You are here

The Buddhist Denial of the Existence of the Self (atman)

The Lecture:

On February 17, 2012, Prof. Alex Watson, an eminent Oxford scholar of Indian philosophy, spoke to a packed conference room in Tibet House, on “The Buddhist Denial of the Existence of the Self (âtman)”.
Starting his lecture by comparing Buddhism to an enormous tree with many branches growing in diverse new directions, Dr Watson stated that Buddhism was taught and debated in India between 5th and 12th century AD. A key topic of discussion in this period was the existence of the self.

He began by asking the audience to shut their eyes and experience from all their senses. He explained how the Buddha taught about the self in the Pali canon denying that any of the five skandhas or the five constituents of human beings are a part of the self. He said that we are not the sensation or the thought, as these arise and leave by themselves; therefore they are different from the self.

Although in some passages the Buddha denies the self, in other passages he refuses to speak about it, or he denies both that there is a self and that there is not a self. Dr. Watson linked this with the Madhyamika attitude to the self, according to which the real nature of a thing is ungraspable and no concept can capture it. He then went on to look at how Vasubandhu in his Abhidharmakosabhasya, followed by Dignaga, and Dharmakirti argued against the existence of the self. He described Dharmakirti (600-660 AD) as the most brilliant philosopher of his time, who influenced all subsequent Buddhist thought and consequently Hindu concepts.

Later schools of Buddhism all deny the existence of the self. Dr. Watson contrasted their view with the Hindu defenses of the existence of the self that are found in Vedanta, Nyaya and Sankhya. According to the Hindu point of view, there is a perceiver and that which is perceived. The observer is a still point observing the changes, so the self is constant and unaffected by what is experienced.

Dr. Watson went on to elucidate that Hinduism sees the self as a unitary essence and as unchanging, whereas Buddhism defines the self as being different at every different moment, so nothing exists for more than one moment. In Buddhist thought, at any given moment one is the five skandhas. The Buddhist schools of thought considered the concept of the self as harmful as it would be impossible to attain nirvana as long as one believed in the self. If one does not believe that the body or the mind is oneself, then one can observe it with equanimity.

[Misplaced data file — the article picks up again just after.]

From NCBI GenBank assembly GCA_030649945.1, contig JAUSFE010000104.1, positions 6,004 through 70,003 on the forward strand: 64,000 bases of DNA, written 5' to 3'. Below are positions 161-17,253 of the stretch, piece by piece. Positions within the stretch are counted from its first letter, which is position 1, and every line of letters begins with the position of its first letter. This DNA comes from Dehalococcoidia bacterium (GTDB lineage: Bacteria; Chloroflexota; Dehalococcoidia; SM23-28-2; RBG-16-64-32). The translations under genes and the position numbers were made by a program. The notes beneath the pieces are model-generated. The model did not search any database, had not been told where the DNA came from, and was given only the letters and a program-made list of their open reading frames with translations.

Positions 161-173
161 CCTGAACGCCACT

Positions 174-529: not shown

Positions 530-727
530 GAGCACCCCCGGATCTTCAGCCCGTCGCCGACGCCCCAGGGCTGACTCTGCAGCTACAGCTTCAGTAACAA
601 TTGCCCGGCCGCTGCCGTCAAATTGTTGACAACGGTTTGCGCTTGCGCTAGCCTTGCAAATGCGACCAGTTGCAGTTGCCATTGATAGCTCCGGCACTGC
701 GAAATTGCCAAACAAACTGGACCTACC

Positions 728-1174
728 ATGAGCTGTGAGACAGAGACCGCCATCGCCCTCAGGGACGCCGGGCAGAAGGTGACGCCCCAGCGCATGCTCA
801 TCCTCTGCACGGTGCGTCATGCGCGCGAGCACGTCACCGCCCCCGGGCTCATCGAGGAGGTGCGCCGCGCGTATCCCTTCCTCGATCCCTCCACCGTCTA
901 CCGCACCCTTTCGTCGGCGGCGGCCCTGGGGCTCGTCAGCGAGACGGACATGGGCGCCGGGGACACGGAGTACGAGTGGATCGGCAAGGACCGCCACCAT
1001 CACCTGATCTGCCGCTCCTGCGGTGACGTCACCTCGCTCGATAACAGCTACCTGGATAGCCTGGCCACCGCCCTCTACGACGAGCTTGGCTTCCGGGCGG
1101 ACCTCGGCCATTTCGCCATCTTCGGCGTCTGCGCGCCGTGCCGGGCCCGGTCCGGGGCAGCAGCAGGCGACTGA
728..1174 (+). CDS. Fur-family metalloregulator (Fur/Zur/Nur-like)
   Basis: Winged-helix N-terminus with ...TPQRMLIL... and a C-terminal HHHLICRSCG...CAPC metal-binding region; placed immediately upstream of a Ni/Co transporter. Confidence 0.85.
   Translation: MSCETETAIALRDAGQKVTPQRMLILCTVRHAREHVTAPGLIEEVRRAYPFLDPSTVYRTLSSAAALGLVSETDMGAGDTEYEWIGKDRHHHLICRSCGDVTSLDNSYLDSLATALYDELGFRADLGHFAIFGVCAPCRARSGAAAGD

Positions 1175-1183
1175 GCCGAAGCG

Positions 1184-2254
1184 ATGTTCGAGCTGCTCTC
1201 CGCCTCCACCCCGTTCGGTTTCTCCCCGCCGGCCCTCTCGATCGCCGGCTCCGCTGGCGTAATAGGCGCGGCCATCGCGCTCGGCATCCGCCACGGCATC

The Speaker:


Dr Alex Watson is a specialist of Hindu and Buddhist Philosophy, and Sanskrit literature. His BA, in Philosophy and Psychology, and his PhD, in Indian Philosophy, were both from the University of Oxford. He will take up the post of Sanskrit Preceptor at Harvard in August.

His first book (2006) was about the debate between Buddhism and the Brahmanical Schools of philosophy about the existence or non-existence of the self. He is currently finishing a book on twenty different theories of enlightenment (mokṣa, nirvāṇa).

He has presented a variety of papers at conferences throughout the world, such as the 2008 Congress of the International Association of Buddhist Studies in Atlanta (“Ramakaṇṭha’s Elaboration of Self-Awareness (svasavedana), and how it differs from Dharmakirti’s Exposition of the Concept”), and the 2011 Congress of the International Association of Buddhist Studies in Taipei (“Light as a metaphor for consciousness in Buddhist Idealism”).

He has published articles (for example “Jayanta’s Refutation of the Yogācara Buddhist Doctrine of Vijñanavāda”) in journals such as the Journal of Indian Philosophy. He has taught at the Universities of Oxford and Vienna.


An Abstract:

One of the central points of Buddhist philosophy is the denial of the existence of a self. This talk will look at the way the Buddhist philosophers such as Vasubandhu in his Abhidharmakośabhāṣya, and Dharmakīrti in his Pramāṇavārttika, argued for this view. It will first outline what the Hindu views were that they were opposing.


Topic: Buddhist denial of the existence of the self (atman)

Speaker: Prof. Alex Watson

Chairperson: Prof Badri Narayanan

Venue: Conference Hall, Tibet House

Date: February 17, 2012

Time: 06:00 pm